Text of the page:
April 12, 2016
Just like his nickname would lead you to believe, Shayne Gostisbehere was nowhere to be found. When the Philadelphia Flyers took the ice on Tuesday morning at Skate Zone in Voorhees, everyone was present and accounted for except for the Calder candidate with great stats (46 points in 64 games) that still underrate his impact on the team.
Turns out, it was a maintenance day for “Ghost.” When Dave Hakstol was asked whether he was concerned by Gostisibehere’s absence — The 23-year-old rookie did log 21 minutes of ice time in Sunday’s meaningless win over the Islanders — he was succinct.
“Not at all.”
Even with his absence at practice, Gostisbehere should prove to be a key figure in a crucial element of the series with the No. 1 Washington Capitals: the special teams battle between the Flyers’ power play (18.9%, 11th) and the Caps’ penalty kill (85.1%, 3rd). One way that the Orange and Black can keep up with the second-highest scoring team in the NHL is by doing serious damage with the man advantage, something they absolutely posses the firepower to do.
Like a three-point sniper in basketball, Gostisbehere (8 PPG) has a certain gravity to him on the power play with his ability to shoot the puck from the point both hard and accurately. That can open some things up for some very capable teammates on the first power-play unit.
“I think obviously teams keyed in on him, but when you key in on one player, you open something else up,” Wayne Simmonds (13 PPG) said. “That’s been a great thing. Obviously when he’s on up top, he’s lights out, he’s getting everything through. It’s really nice to watch.”
“But if they’re going to clamp down on him, you’ve got G on the half wall, you got Jakey on the other half wall, Schenner in the middle, and me down low,” he added. “So we like to think we have more than one option and that if they try to take one away, we can use the other ones.”
Coming into the series against Washington, the Flyers’ top power-play unit struggled over the past week, going 0-for-13 with the man advantage before Sunday’s game that both Simmonds and Claude Giroux didn’t play in. The flip will have to be switched.
As the season went along, teams started to make adjustments with how Gostisbehere and Claude Giroux worked on the power play. Even with some film study, the Flyers might not exactly know what is coming their way at the beginning of the series.
“Teams defend differently each and every night,” Hakstol said. “There’s no secrets in this league. There’s so much video and pre-scout that’s done so whether or not it’s particular to one player on our power play or not, everybody defends a little bit differently.”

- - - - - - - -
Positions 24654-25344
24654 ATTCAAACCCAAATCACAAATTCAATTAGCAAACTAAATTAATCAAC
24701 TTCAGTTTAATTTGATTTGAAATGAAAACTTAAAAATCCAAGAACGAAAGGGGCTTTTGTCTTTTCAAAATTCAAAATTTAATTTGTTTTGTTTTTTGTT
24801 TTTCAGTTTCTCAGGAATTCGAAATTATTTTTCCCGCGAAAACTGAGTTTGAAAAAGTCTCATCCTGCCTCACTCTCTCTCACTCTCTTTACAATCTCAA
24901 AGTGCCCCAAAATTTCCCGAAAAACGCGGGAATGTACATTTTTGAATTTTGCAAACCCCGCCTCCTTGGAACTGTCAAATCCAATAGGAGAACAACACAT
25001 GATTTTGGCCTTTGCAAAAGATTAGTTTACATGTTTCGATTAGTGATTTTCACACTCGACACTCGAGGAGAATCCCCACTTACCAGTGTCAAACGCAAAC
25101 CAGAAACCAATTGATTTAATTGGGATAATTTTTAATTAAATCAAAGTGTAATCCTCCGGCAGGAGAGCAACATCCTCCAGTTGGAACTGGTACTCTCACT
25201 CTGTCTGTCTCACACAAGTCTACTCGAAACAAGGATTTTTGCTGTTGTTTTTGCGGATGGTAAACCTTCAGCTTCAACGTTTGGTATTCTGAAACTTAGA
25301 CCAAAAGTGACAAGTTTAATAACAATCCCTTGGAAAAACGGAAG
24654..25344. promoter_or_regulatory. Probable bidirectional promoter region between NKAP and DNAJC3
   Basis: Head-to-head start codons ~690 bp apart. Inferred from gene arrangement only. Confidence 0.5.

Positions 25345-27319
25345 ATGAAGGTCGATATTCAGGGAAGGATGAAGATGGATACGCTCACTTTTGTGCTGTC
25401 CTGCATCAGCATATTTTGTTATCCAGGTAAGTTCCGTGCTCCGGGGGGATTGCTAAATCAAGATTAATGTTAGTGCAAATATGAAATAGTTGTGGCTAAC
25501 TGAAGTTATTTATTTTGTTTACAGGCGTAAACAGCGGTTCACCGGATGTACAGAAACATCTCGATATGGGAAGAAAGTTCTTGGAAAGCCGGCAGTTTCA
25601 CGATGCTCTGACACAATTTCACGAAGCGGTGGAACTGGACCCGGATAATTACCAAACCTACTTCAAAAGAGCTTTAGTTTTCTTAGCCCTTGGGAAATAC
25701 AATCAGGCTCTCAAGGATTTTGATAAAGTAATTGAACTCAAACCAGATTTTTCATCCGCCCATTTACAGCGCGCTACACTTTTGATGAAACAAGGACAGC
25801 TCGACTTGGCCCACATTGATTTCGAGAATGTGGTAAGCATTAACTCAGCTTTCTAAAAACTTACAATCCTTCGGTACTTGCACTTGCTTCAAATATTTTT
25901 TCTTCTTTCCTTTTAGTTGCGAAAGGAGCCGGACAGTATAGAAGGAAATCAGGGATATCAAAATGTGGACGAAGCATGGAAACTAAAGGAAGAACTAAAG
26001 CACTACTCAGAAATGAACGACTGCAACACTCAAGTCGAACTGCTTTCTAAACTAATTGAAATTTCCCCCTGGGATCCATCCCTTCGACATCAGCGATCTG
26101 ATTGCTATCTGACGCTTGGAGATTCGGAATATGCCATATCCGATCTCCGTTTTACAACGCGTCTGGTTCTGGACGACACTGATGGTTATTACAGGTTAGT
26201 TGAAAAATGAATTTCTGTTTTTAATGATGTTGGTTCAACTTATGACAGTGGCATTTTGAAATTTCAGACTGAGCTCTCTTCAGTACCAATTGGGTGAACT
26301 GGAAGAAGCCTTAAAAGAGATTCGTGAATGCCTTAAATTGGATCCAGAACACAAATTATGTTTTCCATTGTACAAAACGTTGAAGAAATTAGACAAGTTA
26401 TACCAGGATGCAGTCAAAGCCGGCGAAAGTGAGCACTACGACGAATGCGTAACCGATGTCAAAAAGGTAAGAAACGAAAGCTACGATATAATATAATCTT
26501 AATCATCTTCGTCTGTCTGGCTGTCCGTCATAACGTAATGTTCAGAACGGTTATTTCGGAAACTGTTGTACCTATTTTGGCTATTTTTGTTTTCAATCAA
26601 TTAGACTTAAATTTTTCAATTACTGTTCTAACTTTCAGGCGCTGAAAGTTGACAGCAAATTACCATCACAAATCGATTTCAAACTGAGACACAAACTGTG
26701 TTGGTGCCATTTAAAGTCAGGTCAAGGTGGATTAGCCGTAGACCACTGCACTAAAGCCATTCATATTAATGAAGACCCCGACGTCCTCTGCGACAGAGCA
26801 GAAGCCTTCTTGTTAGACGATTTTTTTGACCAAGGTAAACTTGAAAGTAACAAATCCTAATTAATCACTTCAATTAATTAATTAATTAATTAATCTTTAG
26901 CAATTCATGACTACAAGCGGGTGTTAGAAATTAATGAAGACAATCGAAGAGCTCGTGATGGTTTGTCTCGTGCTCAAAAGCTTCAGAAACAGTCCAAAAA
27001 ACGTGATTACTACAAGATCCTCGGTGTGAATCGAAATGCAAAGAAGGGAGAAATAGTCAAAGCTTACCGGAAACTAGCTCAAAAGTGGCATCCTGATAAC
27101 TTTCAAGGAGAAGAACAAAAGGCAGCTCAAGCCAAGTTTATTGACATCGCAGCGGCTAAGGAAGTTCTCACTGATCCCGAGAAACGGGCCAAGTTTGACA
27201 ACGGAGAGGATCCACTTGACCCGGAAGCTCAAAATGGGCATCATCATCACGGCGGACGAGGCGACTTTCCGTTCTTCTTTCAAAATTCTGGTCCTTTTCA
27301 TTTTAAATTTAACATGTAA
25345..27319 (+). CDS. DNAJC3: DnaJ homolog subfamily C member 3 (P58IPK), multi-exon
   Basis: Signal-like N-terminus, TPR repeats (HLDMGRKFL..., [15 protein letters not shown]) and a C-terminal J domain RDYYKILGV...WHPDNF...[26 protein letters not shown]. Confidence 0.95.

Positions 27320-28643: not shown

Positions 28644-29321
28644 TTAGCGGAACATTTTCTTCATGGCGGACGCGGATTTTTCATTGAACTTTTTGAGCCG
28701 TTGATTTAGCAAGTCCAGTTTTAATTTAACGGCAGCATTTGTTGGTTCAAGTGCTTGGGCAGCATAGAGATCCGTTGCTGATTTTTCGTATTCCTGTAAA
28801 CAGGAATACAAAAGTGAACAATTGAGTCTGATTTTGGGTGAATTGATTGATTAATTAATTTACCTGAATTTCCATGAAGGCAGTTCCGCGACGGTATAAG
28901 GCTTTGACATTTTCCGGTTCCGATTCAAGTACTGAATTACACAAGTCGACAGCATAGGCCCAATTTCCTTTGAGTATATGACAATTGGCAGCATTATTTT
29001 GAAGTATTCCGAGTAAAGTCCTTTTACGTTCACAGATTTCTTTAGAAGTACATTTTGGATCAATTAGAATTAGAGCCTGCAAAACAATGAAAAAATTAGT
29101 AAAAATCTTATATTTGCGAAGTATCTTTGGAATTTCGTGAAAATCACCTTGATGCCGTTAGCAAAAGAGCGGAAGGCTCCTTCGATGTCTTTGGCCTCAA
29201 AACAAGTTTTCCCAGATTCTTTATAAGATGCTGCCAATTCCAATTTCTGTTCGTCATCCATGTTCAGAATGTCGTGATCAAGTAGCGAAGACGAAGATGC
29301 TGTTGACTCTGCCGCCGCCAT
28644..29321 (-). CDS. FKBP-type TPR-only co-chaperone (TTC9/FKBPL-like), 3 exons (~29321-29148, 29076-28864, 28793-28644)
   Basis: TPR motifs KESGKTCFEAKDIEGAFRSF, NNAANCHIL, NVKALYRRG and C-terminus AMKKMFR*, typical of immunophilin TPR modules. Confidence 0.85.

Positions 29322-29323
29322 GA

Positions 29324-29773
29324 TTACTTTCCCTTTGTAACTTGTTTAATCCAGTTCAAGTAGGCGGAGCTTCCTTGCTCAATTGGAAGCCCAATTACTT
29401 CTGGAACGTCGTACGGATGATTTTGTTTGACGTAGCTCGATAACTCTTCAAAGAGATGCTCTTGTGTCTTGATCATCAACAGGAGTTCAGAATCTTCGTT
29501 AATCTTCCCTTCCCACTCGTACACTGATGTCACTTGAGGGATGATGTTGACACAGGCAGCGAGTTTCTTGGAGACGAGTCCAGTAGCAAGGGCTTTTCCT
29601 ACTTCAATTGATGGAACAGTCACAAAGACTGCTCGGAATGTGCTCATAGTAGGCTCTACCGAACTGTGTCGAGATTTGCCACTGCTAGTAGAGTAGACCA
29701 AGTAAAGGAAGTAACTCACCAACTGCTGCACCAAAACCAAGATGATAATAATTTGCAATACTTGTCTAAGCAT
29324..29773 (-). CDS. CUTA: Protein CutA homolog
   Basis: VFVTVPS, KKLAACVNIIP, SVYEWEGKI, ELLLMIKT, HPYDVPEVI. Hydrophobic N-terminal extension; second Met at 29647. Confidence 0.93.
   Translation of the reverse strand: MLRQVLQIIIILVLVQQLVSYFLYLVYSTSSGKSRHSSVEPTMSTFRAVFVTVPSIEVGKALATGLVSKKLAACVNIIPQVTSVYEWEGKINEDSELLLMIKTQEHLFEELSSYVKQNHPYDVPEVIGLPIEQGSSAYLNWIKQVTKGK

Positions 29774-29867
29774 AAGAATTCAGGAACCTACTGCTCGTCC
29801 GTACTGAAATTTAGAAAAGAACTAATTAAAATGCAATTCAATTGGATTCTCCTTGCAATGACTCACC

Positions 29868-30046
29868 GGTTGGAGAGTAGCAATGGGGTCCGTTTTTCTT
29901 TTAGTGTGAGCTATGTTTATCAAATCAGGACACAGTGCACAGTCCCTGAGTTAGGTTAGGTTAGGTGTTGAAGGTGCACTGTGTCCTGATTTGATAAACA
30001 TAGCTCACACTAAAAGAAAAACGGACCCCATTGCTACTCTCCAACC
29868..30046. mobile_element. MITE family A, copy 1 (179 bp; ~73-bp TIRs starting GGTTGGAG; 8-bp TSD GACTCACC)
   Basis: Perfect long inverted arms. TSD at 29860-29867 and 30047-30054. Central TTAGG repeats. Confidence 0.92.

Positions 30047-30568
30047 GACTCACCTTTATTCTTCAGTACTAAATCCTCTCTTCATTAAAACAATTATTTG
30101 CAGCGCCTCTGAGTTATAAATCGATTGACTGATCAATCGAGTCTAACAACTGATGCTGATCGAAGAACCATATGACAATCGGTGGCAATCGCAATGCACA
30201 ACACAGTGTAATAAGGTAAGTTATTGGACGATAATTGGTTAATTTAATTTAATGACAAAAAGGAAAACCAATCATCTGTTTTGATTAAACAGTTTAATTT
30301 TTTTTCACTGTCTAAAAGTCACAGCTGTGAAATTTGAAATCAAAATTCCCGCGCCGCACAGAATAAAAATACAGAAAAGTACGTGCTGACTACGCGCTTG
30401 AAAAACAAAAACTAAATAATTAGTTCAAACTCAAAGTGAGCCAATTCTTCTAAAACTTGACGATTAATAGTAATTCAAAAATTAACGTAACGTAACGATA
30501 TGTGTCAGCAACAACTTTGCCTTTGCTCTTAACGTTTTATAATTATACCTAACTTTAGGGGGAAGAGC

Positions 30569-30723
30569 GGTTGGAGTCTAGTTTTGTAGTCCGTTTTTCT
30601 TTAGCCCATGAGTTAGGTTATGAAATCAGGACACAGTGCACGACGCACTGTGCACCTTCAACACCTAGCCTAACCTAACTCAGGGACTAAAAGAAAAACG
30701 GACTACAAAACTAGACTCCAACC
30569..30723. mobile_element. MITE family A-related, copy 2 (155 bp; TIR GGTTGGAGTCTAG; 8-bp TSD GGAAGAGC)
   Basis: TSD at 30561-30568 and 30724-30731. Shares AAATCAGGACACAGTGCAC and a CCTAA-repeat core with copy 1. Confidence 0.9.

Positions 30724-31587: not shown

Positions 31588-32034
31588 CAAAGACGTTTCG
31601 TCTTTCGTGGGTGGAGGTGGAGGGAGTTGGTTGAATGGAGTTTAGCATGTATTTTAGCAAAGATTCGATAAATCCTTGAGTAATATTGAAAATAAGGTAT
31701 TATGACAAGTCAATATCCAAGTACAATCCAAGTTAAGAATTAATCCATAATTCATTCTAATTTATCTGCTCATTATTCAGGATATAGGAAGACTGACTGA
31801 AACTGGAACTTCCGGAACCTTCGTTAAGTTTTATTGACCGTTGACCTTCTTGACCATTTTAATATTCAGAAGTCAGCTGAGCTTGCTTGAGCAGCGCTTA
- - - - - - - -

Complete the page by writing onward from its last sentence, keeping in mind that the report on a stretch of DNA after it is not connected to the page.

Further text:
One of the players that the Flyers badly need to get going is Jake Voracek, who saw his goal total on the power play drop from 11 in 2014-15 to just one this year. Voracek had terrible shooting luck early in the season, and he also dealt with injuries as we have moved along.
Voracek, whose hands and timing have looked rusty at times since missing nine games with a foot injury in March, said there is no reason for both he and the power play not to produce against the Caps.
“Last three games of the season, I think we’ve been pretty good,” Voracek said. “We’ve moved the puck very well, and even if we didn’t score, I think we know what we want from each other. And that’s really important, we always talk about it.”
Simmonds couldn’t lie when he was asked if it was difficult to refocus, one day after the only man who owned the Philadelphia Flyers passed away.
“A little bit," Simmonds said. "Obviously anytime something like that happens, it’s really unfortunate. “You spend the whole day thinking about it. What Mr. Snider meant to all of Philadelphia, I just think that it kind of puts a little bit of extra pep in our step, a little extra motivation.”
“We now know that we have an angel looking down on us and we got to play our butts off for him, make him proud.”
The Flyers were glad to get back to work, but that won’t remove any of Monday’s emotions. They are planning to wear a patch on their uniforms honoring Snider in the playoffs.
“That certainly doesn’t change anybody's feelings or emotions on a tough day yesterday,” Hakstol said of the practice.
Finally, a report from our friend Frank Seravalli:
Sounds like front runners for Frozen Four MOP Drake Caggiula are (in no order): CHI, EDM, PHI, VAN and OTT. I think BUF is in the mix, too.— Frank Seravalli (@frank_seravalli) April 12, 2016
What does Drake Caggiula (51 points in 39 games) already have in common with the Flyers? He’s at the University of North Dakota, where he spent his first three years playing for Dave Hakstol.
Follow Rich on Twitter: @rich_hofmann